Discussion and conclusions

Granulomas are compact collections of inflammatory mononuclear or multinuclear cells classically resulting from persistence of a non-degradable product or cell mediated hypersensitivity [1, 2]. Granulomas can be confluent or discrete with varying degrees of necrosis and calcification [2]. The main categories of granulomatous disorders are infections, vasculitis, immunological upsets, leucocyte oxidase defects, hypersensitivity, chemicals, and neoplasia [2]. In light of this broad differential, clinicopathological correlation is required to form a correct diagnosis and treatment plan.

The presentation of intracranial granulomas, regardless of etiology, depends on location in the brain. Symptoms reported as a result of intracranial granulomatous masses include seizures and extremity weakness (right parafalcine region, parietal lobe), and visual disturbances (occipital lobe) [9,10,11]. It is much more common for granulomatous involvement in the head and neck to be in the sinonasal cavity (presents as sinusitis and polyposis), the orbit (presents as scleritis, lacrimal gland enlargement, and vision loss), temporal bone and skull base (presents with cranial nerve loss, otitis media, and hearing loss), and small vessels (which can result in vessel occlusion) [12]. Our patient had the necrotizing granulomatous mass located in her cerebellum. She presented with mild cerebellar findings only.

Autoimmune granulomatous disorders with known head and neck manifestations include Behcet disease, Churg- Strauss syndrome, and granulomatous polyangiitis (GPA, previously called Wegener granulomatosis) [12]. All three of these disease processes are types of vasculitis, with several key differences. Behcet disease typically causes mucosal ulcerations, uveitis, and sensorineural hearing loss in the head and neck [12]. Churg-Strauss syndrome presents with allergic rhinitis and nasal polyposis. GPA is a multisystem necrotizing small vessel vasculitis with a classic triad of nose/throat, lung, and renal involvement [12, 13]. GPA is commonly associated with antineutrophil cytoplasmic antibodies; however, 40% of patients with no renal involvement are ANCA negative [13]. Our patient has a history of sinusitis and interstitial lung disease but no lung lesions. The patient has no known renal involvement (no hypertension, no urinary symptoms, normal urinalysis, and no masses found on imaging although a renal biopsy has not been performed) and is ANCA negative; therefore, the diagnosis of GPA remains a possibility. Azuma et al. and Nicolosi et al. have both previously described a patient with GPA presenting with an intracranial necrotizing granulomatous lesion [9, 11]. It is important to note, however, that only 2–6% of GPA cases [11] have central nervous system (CNS) involvement.

Other possible causes of intracranial granulomas include sarcoidosis, foreign bodies, IgG4-related hypertrophic pachymeningitis, and infectious etiologies. Neurosarcoidosis is present in 5% of patients with systemic sarcoid [14]. There have been 100 cases of intracranial granulomas as of December 2018 due to foreign bodies remaining after cranial surgeries [15]. Tuberculomas, a common infectious etiology, represent 10 to 30% of all intracranial space occupying lesions in patients in tuberculosis endemic zones [16]. Our patient has no history of sarcoidosis, and no prior surgery that could have introduced a foreign object. Histology was not suggestive of IgG4-related hypertrophic pachymeningitis, as neither “storiform” fibrosis, nor obliterative phlebitis, nor abundant plasma cells were seen. There was also no evidence of infection in this case, and as of 2015 there were only 11 reported cases of tuberculomas in the cerebellum (the location of this patient’s lesion) [16]. Moreover, special stains for microorganisms were negative.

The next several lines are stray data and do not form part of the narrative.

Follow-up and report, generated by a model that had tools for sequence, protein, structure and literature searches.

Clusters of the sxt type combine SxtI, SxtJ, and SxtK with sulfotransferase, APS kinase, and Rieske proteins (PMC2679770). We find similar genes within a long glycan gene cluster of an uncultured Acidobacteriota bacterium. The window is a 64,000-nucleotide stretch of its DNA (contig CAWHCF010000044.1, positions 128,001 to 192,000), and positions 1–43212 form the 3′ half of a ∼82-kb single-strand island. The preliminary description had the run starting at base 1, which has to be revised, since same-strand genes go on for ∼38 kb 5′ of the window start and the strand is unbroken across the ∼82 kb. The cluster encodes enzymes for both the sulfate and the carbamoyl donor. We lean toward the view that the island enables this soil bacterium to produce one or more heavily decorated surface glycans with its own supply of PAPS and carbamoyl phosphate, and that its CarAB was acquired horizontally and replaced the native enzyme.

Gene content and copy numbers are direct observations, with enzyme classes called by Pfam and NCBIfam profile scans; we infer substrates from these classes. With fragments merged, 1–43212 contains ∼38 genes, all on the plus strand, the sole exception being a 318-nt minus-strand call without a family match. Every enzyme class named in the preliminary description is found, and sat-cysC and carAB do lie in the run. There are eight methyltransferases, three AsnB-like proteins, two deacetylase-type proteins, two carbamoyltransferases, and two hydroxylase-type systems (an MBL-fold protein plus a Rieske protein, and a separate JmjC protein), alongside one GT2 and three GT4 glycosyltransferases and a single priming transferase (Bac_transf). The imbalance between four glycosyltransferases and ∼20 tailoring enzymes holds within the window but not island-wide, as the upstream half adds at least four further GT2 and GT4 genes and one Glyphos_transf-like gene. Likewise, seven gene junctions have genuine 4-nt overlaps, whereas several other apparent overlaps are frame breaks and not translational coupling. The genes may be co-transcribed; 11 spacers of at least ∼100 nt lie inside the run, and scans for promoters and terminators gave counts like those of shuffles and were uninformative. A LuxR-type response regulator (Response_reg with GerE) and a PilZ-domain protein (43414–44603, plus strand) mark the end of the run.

In light of the exclusion of other possibilities described above, a spontaneous necrotizing granulomatous mass is the best explanation in this case. There has only been one case reported of a spontaneous intracranial granuloma that mimicked a brain tumor [10]. The patient in that case was a female with a history of scleroderma, and was treated successfully with steroids [10].

This is the second reported case of likely spontaneous necrotizing intracranial granuloma, although ANCA negative GPA cannot be completely excluded. Though rare, spontaneous necrotizing granuloma is an important consideration in the assessment of intracranial mass lesions when other more common etiologies have been excluded.

Availability of data and materials

Data sharing is not applicable to this article as no data sets were generated or analyzed during the current study.



Apparent diffusion coefficient


Antineutrophil cytoplasmic antibodies


Cytoplasmic antineutrophil cytoplasmic antibodies


Central nervous system


Computerized tomography


Gomori methenamine silver


Granulomatous polyangiitis


Magnetic resonance imaging


Perinuclear antineutrophil cytoplasmic antibodies


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We would like to acknowledge the Virginia Tech Open Access Subvention Fund for supporting the publication of this article. No further acknowledgements.


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KG performed a literature review; wrote the abstract, timeline, and discussion and conclusions section of this manuscript; and was responsible for formatting and submission. BS also assisted with the literature review and wrote the background. EG was a surgeon on the patient’s case and wrote the clinical case report section in addition to selecting brain images. KG, BS, and EG are all co-first authors. JE was the attending surgeon on this patient’s case. RJ wrote the pathological section of the case report, took the pathology images, and performed final editing. All authors read and approved the final manuscript.

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Correspondence to Robert W. Jarrett Jr.

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Godbe, K.N., Saway, B.F., Guilliams, E.L. et al. Spontaneous necrotizing granuloma of the cerebellum: a case report. BMC Neurol 20, 230 (2020).

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  • CNS
  • Necrotizing granuloma
  • Spontaneous
  • ANCA
  • Cerebellum